There were BYU football fans who saw this coming. What fans loved most about senior quarterback Riley Nelson — his fight and will to win — may have resulted in an injury which has forced the coaching staff to make some tough decisions about who will play quarterback.
Nelson was hit in the back late in the first half against Weber State earlier this season. The hit resulted in an injury coaches and Nelson insisted was not serious and did not limit Nelson’s play.
After the game against Utah, however, word spread about the condition of Nelson’s back, and fans began to question if Nelson’s play was limited because of injury.
At practice on Monday after the Utah game, reporters questioned Nelson about information pointing towards the possibility of cracks in his vertebrae.
“Is that what our injury report said?” Nelson said. “I don’t know what they put out.”
After the game at Boise State, Nelson admitted that he had not been 100 percent healthy.
“I learned you have to be honest,” he said. “When it hurts, you have to tell (the coaches) it hurts, and when it’s fine you tell them you’re fine.”
Nelson’s exciting, gritty style of play is what won him the starting position midway through last season over highly-touted Jake Heaps, but how long can a six-f00t, 196-lb quarterback take repeated beatings with the way he plays?
What if Nelson were to be hurt worse during a game? Would he be able to take himself out of the game?
“No, I wouldn’t,” Nelson said, with a touch of laughter in his voice. “I can’t do it. I couldn’t do it…. If I can stand and if I can move my left arm, I’m going to try and be out there.”
The official injury report for BYU’s Sept. 28 game against Hawai’i lists Nelson with only a sore back, but the Cougars have yet to declare who the starting quarterback is for the game.
Awaiting their opportunity behind Nelson at quarterback are senior James Lark and true freshman Taysom Hill.
After Nelson was hurt against Weber State, Lark led the offense for most of the second half. Hill saw playing time as well, mostly due to his ability to run the wildcat package of plays.
Lark showed he was comfortable with the offense, finishing with an efficient 7-10 passing for 45 yards and one touchdown through the air and another on the ground.
“Lot of fun,” Lark said about the game. “It’s what you work for, to get in the game when it actually counts. It was a great experience.”
Lark continued taking repetitions with the first-team-offense at practice and was told he would most likely play against Utah but did not get onto the field during the game, as Nelson played through back pain.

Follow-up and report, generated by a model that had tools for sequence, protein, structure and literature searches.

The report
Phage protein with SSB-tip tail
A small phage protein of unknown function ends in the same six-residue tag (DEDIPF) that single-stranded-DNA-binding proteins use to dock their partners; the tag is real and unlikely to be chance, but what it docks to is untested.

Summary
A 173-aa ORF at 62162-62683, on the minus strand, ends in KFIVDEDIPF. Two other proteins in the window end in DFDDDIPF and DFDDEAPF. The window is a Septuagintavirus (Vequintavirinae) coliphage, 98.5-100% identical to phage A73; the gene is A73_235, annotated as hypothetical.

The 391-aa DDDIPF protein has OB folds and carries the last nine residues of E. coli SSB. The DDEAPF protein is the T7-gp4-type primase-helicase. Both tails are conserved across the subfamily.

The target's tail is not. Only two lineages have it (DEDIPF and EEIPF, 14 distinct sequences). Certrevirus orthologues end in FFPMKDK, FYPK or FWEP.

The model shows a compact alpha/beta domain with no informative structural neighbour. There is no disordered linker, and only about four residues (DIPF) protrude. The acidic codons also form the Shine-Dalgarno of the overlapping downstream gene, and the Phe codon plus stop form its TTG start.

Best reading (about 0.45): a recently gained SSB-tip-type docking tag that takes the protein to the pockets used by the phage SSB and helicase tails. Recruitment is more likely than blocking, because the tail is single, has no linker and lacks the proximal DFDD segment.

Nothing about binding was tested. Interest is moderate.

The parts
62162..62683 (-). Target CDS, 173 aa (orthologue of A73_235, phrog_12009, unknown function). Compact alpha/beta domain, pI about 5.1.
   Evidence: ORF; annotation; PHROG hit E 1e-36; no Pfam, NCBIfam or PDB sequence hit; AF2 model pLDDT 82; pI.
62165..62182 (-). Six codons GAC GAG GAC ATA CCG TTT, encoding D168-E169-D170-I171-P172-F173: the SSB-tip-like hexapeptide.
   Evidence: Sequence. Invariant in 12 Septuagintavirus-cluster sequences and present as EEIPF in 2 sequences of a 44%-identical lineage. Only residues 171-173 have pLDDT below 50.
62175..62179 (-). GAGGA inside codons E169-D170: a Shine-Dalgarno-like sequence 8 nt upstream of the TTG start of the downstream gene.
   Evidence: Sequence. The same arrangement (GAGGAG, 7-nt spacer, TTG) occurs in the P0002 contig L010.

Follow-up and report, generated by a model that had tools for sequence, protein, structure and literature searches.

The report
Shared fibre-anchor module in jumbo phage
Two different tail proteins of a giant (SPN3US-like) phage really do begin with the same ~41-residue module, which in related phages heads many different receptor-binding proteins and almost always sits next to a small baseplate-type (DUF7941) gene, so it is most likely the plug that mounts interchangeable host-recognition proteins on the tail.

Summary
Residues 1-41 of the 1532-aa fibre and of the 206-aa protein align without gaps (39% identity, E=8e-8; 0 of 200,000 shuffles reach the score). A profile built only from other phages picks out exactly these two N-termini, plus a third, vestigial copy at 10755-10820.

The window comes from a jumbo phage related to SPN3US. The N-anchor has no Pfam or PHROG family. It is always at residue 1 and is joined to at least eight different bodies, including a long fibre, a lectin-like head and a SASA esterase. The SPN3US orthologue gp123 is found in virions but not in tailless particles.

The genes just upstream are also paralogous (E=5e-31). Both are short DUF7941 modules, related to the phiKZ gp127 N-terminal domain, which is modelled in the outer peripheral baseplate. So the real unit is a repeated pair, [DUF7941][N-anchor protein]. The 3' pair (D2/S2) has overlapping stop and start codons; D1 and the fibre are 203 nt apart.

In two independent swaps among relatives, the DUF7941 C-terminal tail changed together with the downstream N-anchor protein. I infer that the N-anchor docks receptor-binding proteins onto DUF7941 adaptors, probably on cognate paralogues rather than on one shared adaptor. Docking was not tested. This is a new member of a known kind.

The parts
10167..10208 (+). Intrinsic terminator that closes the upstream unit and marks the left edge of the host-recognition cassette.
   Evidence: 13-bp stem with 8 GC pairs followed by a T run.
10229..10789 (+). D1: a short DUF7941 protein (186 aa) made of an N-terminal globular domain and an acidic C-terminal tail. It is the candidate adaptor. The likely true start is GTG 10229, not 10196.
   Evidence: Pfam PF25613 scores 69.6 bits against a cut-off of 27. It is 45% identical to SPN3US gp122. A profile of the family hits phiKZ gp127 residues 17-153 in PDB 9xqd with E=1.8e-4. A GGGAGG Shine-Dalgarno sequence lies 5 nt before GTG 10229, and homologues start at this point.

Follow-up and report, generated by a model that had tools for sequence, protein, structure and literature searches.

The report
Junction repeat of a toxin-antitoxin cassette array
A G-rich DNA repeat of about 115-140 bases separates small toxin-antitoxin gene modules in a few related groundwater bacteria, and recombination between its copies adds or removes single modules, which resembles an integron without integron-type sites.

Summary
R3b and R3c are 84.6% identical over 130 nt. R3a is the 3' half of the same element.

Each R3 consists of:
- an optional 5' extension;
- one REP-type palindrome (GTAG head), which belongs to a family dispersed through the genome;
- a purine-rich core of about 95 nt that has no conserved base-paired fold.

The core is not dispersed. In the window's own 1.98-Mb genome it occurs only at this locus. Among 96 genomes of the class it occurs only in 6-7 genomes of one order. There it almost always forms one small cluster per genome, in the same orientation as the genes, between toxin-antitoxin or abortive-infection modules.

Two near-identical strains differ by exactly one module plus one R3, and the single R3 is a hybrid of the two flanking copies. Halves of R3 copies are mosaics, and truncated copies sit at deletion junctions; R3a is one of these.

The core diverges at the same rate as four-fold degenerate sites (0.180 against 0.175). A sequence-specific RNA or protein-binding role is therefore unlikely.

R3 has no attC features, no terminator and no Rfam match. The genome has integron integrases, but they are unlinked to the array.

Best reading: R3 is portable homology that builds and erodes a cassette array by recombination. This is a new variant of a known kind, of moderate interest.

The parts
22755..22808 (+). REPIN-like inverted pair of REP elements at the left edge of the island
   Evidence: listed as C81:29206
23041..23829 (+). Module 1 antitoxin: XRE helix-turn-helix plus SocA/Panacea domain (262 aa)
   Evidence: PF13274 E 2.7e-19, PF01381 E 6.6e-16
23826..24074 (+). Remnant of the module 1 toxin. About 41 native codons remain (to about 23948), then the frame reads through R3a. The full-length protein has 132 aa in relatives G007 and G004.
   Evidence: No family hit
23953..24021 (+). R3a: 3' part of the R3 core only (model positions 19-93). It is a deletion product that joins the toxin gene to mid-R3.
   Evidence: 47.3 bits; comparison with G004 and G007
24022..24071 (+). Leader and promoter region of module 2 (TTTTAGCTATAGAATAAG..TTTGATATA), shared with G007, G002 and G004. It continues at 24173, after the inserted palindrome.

During the next game, though, at Boise State when Nelson proved ineffective, it was Hill, and not Lark, who was called on to relieve Nelson.
Hill had a rocky start to the game, skipping passes off the turf and finished an uninspiring 4-10 through the air for 42 yards, but he made up for it as he carried the ball 12 times for 72 yards and engineered a 95-yard scoring drive late in the fourth quarter.
Why suddenly play the freshman quarterback over the senior in a hostile environment on the road?
Head coach Bronco Mendenhall said the reason was that Hill’s offensive style was similar to Nelson’s; therefore, Hill was a better fit to the offense than Lark.
Fans generally are optimistic about Hill’s future, and members of the media generally agree.
Jared Lloyd, a reporter for the Daily Herald, tweeted during the third quarter of the Boise State game, “Cougar fans, rejoice… it looks like Taysom Hill is coming into the game.”
Hill was officially made the second-string quarterback, and with Nelson still experiencing problems with his back, there is a possibility that a true freshman could be starting quarterback for the Cougars on Friday, Sept. 28.
“I’m doing my best to prepare as if I’m going to be the guy,” Hill said. “I’ll do my best to be ready if called upon Friday.”
Mendenhall would not state who would start at quarterback Friday, but he did leave a hint.
“(Hill’s) been getting the majority of the reps,” Mendenhall said. “He has been studying diligently after practice and doing everything he can to be ready to play.”
With that being the current state of the BYU quarterbacks, who do Cougar fans want to see behind center?
Nelson is a dual run/pass threat, a proven winner, but the stagnant offense of the past two games may be a sign of how badly Nelson’s back is limiting his play.
Lark is a pocket-passer, a senior who knows the entire offense well but has seen limited game action.
Hill is also a dual run/pass threat, an inexperienced true freshman with great upside and potential.
Nelson’s aggressive play led some fans to believe it would be difficult for him to stay healthy for a whole season, and in the fifth game of the season, which quarterback to trust is the big question in Provo. It is evident all three quarterbacks want the opportunity.
“The coaches have to make the tough decisions, and sometimes the players are just subject to that,” Nelson said about the quarterback situation.
Kickoff against Hawai’i is Friday at 6 p.m., and the announcement of the starting quarterback is expected to be a game-time decision.